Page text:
Employees at a Buffalo-area Starbucks store have voted to form a union, making it the only one of the nearly 9,000 company-owned stores in the United States to be organized and notching an important symbolic victory for labor at a time when workers across the country are expressing frustration with wages and working conditions.
The result, announced on Thursday by the National Labor Relations Board, represents a major challenge to the labor model at the giant coffee retailer, which has argued that its workers enjoy some of the best wages and benefits in the retail and restaurant industry and don’t need a union.
The union was leading in an election at another store, but by a margin smaller than the number of ballots the union was seeking to disqualify through challenges. The challenges must be resolved by the labor agency’s regional director in the coming days or weeks before there is a result. Workers at a third store voted against unionizing, according to the board, though a union lawyer contended that some ballots had been delivered to the agency and not counted.
“Although it’s a small number of workers, the result has huge symbolic importance and symbols are important when it comes to union organizing,” John Logan, a labor studies professor at San Francisco State University, said in an email. “Workers who want to form a union in the United States are forced to take a considerable amount of risk, and it helps if they can see others who have taken that risk and it has paid off.”
The unionized employees, who are joining Workers United, an affiliate of the giant Service Employees International Union, received inquiries throughout the campaign from Starbucks workers across the country who said they were paying close attention and were interested in unionizing as well.
“I don’t think it will stop in Buffalo, whatsoever,” Alexis Rizzo, a worker at one of the stores and a leader in the organizing campaign, said at a news conference after the vote.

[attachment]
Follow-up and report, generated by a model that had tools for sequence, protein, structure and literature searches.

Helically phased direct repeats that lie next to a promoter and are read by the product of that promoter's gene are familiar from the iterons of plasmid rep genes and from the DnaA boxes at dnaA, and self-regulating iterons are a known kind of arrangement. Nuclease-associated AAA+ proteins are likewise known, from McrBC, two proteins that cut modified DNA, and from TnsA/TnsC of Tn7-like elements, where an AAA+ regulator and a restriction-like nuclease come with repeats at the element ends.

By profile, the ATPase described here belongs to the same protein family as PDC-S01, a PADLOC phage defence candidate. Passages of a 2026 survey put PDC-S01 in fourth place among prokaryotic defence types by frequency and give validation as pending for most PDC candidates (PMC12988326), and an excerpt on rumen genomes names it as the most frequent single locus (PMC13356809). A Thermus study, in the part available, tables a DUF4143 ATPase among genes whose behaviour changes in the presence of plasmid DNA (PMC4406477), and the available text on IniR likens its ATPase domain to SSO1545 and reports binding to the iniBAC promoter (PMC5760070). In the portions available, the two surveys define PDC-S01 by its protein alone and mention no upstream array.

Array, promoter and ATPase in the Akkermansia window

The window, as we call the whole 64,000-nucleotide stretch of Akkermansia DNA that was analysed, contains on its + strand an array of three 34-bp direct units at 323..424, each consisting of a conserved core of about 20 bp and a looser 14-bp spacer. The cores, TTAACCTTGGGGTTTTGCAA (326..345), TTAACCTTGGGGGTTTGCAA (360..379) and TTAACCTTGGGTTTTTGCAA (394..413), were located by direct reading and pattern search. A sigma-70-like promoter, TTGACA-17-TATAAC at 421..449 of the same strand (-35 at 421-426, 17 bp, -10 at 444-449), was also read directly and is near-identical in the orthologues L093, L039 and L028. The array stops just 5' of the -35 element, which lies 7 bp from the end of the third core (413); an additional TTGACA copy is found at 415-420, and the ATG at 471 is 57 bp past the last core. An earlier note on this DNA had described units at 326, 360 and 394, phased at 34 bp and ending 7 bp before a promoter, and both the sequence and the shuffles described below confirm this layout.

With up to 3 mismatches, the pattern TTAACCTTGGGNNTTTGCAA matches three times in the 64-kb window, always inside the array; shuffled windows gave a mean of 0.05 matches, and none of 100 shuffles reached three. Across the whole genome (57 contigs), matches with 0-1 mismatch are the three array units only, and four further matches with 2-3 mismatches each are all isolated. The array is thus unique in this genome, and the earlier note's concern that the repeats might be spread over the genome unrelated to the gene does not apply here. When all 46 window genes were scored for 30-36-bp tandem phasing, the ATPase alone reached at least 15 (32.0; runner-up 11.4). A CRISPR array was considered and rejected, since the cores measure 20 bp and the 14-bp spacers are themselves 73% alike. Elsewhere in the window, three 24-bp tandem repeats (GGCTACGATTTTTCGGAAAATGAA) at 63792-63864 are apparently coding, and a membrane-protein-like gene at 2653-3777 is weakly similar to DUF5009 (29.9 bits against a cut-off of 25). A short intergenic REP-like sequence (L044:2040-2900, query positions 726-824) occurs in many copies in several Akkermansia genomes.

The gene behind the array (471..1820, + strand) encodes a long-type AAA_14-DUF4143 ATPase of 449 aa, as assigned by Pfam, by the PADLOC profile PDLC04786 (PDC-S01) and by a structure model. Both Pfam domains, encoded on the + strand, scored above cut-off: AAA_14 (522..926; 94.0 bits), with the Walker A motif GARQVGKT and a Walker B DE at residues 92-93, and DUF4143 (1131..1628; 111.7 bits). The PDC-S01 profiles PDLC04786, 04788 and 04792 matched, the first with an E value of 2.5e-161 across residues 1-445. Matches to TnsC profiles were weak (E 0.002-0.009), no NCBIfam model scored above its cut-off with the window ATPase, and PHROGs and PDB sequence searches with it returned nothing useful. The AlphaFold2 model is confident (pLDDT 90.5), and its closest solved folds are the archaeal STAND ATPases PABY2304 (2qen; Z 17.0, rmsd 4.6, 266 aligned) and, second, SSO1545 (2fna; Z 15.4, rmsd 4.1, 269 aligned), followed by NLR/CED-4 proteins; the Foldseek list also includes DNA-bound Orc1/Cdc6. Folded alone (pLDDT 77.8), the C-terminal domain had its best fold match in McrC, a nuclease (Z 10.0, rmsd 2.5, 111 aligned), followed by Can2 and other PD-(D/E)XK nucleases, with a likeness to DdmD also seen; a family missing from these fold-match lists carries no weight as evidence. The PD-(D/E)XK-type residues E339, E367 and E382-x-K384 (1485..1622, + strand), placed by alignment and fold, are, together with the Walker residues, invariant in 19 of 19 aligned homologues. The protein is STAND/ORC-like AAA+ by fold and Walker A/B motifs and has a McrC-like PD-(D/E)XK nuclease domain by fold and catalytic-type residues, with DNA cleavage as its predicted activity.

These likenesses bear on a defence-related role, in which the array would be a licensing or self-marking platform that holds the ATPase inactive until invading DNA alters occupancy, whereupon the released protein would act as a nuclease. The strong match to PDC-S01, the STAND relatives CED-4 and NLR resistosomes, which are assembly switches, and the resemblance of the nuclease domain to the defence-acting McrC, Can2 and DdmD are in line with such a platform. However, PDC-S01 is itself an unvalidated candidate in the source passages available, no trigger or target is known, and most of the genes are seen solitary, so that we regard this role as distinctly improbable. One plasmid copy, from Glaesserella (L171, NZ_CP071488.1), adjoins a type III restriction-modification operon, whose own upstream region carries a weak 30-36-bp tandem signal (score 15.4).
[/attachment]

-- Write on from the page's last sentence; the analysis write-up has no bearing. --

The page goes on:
Workers cited frustration over understaffing and insufficient training when they filed for union elections at the stores in late August, problems that have dogged the company for years but which appeared to worsen during the pandemic. Such problems are not unique to Starbucks and have been problems for workers across the restaurant and retail industries for many years.
“We continue on as we did today, yesterday and the day before that,” Rossann Williams, Starbucks’s president of retail for North America, said in a letter to employees after the vote. “The vote outcomes will not change our shared purpose or how we will show up for each other.”
The election occurred through mail ballots that were due Wednesday. In November, workers at three more Buffalo-area stores filed the paperwork needed to hold union elections, but it was unclear when votes would take place for those outlets.
Starbucks responded to the union campaign with a sense of urgency. Throughout the fall, out-of-town managers and executives — even Ms. Williams — converged on stores in Buffalo, where they questioned employees about operational challenges and assisted in menial tasks like cleaning bathrooms.
In a video of a meeting in September viewed by The New York Times, a district manager from Arizona told co-workers that the company had asked her to go to Buffalo to help “save it” from unionization.
Several workers who support the union said they found the presence of these officials intimidating and, at times, surreal. They also complained that Starbucks had temporarily closed certain stores in the area, which they found disruptive, and said Starbucks had excessively added staff in at least one of the three stores that held elections. The workers said this had diluted support for unionization at the store.